The Lion's Mouse
This title and its animal characters made it popular among young readers in Williamson's day and remains suitable for all ages today.
The Lion's Mouse
I: THE LION
ROGER SANDS HAD STEEL-GRAY EYES, a straight black line of brows drawn low and nearly meeting above them, thick black hair lightly powdered with silver at the temples, and a clean-shaven, aggressive chin. He had the air of being hard as nails. Most people, including women, thought him hard as nails. He thought it of himself, and gloried in his armour, never more than on a certain September day, when resting in the Santa Fé Limited, tearing back to New York after a giant's tussle in California. But-it was hot weather, and he had left the stateroom door open. Everything that followed came-from this.
Suddenly he became conscious of a perfume, and saw a woman hovering, rather than standing, at the door. At his look she started away, then stopped.
"Oh, do help me!" she said.
She was young and very beautiful. He couldn't stare quite as coldly as he ought.
"What can I do for you?" was the question he asked.
He had hardly opened his mouth before she flashed into the stateroom and shut the door.
"There's a man.... I'm afraid!"
Though she was young and girlish, and spoke impulsively, there was something oddly regal about her. Princesses and girl-queens ought to be of her type; tall and very slim, with gracious, sloping shoulders and a long throat, the chin slightly lifted: pale, with great appealing violet eyes under haughty brows, and quantities of yellow-brown hair dressed in some sort of Madonna style.
"You needn't be afraid," he said. "Men aren't allowed to insult ladies in trains."
"This man hasn't insulted me in an ordinary way. But I'm in dreadful danger. American men are good to women, even strangers. You can save my life, if you will-or more than my life. But there's only one way." Her words came fast, on panting breaths, as though she had been running. The girl had stood at first, her hand on the door-knob, but losing her balance with a jerk of the train, she let herself fall into the seat. There she sat with her head thrown wearily back, her eyes appealing to the eyes that looked down at her.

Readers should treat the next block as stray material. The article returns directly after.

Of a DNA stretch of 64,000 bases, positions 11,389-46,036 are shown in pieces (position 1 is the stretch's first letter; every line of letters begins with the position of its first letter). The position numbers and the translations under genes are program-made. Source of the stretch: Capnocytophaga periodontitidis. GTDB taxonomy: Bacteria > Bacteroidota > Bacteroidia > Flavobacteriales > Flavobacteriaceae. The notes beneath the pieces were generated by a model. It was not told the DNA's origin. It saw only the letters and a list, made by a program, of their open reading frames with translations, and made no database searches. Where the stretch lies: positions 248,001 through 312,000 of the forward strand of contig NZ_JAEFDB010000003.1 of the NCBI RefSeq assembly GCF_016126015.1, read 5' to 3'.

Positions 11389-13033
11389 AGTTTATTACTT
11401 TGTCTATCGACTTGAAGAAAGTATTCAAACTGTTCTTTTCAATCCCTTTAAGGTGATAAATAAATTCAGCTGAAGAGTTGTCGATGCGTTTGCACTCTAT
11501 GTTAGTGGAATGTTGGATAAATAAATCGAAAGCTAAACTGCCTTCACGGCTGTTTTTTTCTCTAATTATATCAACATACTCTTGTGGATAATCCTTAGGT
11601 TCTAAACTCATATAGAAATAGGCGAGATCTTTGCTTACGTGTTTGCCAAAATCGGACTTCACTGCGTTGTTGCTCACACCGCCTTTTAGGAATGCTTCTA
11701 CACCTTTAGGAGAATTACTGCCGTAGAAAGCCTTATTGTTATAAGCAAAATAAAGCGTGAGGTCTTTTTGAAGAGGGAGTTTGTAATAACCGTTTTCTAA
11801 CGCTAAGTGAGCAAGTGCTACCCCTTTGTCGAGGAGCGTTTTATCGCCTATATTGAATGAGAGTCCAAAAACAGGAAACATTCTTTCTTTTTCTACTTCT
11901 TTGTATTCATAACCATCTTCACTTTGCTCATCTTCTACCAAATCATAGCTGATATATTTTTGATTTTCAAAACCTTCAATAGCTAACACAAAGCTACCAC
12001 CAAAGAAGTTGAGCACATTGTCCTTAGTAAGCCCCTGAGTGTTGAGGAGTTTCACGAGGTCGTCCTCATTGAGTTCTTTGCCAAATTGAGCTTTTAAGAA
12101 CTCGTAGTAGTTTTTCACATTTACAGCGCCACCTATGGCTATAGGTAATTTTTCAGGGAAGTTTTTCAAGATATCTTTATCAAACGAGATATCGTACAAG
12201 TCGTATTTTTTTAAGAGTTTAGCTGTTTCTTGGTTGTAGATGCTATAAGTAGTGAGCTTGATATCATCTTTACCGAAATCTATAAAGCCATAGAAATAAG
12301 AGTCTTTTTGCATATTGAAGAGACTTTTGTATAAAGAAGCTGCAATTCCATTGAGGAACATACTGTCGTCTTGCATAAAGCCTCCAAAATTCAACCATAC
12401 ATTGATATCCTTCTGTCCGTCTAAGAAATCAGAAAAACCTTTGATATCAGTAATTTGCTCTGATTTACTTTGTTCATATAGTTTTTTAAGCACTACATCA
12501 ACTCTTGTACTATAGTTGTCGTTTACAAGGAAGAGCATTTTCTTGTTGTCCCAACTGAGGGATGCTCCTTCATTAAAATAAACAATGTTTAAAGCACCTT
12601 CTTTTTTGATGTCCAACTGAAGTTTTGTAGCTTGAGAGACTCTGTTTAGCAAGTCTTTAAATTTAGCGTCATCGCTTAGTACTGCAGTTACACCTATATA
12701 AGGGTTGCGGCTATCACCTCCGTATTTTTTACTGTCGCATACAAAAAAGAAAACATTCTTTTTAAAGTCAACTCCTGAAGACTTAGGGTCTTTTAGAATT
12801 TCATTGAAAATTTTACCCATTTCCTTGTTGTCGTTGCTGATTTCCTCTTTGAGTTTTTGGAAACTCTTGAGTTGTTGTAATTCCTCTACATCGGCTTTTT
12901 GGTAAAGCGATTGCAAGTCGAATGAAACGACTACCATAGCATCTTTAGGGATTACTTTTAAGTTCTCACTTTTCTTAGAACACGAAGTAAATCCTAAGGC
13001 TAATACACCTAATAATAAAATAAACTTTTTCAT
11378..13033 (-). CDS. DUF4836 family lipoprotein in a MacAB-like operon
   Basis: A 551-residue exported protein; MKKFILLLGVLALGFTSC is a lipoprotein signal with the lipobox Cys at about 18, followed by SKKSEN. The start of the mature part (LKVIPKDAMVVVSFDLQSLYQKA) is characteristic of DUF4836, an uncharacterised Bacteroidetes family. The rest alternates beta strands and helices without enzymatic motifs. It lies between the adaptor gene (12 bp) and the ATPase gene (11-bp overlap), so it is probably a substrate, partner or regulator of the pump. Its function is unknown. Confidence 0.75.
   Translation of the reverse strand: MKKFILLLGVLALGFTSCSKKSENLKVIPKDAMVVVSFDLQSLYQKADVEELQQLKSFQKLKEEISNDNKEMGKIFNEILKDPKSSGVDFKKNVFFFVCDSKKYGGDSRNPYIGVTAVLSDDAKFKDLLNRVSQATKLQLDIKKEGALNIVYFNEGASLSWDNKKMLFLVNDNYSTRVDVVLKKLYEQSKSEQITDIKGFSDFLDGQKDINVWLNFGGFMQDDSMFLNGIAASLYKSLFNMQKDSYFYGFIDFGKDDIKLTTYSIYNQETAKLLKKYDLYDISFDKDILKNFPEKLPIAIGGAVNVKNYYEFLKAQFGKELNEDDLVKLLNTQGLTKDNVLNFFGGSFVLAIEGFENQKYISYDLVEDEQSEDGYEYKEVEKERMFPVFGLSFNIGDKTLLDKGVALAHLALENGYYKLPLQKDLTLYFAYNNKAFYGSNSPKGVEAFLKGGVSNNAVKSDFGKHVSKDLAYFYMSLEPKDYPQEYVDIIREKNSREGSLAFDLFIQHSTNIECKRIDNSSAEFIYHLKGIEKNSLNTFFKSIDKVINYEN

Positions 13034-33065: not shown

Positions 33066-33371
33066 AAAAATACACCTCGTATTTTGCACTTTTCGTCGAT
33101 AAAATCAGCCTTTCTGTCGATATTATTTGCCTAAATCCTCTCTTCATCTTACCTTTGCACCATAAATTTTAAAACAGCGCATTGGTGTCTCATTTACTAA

A queer fancy ran through the man's brain. He imagined that a woman being tried for her life might look at the judge with just that expression. "What do you mean?" asked Sands.
He had resisted the jerk of the train, and was still on his feet. Instead of answering his question, the girl begged him to sit down.
"I can't think properly while it seems as if you were waiting to turn me out," she said.
Sands sat down.
"I hardly know how to tell you what I mean. I hardly dare," the voice went on, while he wondered. "It's a tremendous thing to ask. I can't explain ... and if I hesitate it will be too late. I don't know your name, or your character, except what I judge from your face. The way to save me is to keep me in this stateroom with the door shut, as far as Chicago."
"Good heavens! That's...." Sands was going to end his sentence with "absolutely impossible!" But he stopped in the midst. Her eyes made him stop. It was as if he were pronouncing a death sentence. He was silent for a few seconds.
"I'd have to say ... no, I could not say you were my wife, because everyone knows I've not got a wife. I'll say you are my cousin: say you've come late. I want you to have this stateroom, and I'll take another ... or a section. I-I could do that."
"Will you?" she breathed.
"Yes. I will."
He said this almost sullenly. He was thinking: "Pretty smart new dodge! Neat way to get a stateroom all the way from Albuquerque to Chicago."
"I'll go out now and fix things up with the conductor," he promised. "We must settle on a story. You came on board at Albuquerque just now?"
"Yes. The last minute before the train started. I have a berth in this car. I thought I was safe, that everything was right for me. Then I saw the man ... not the one I e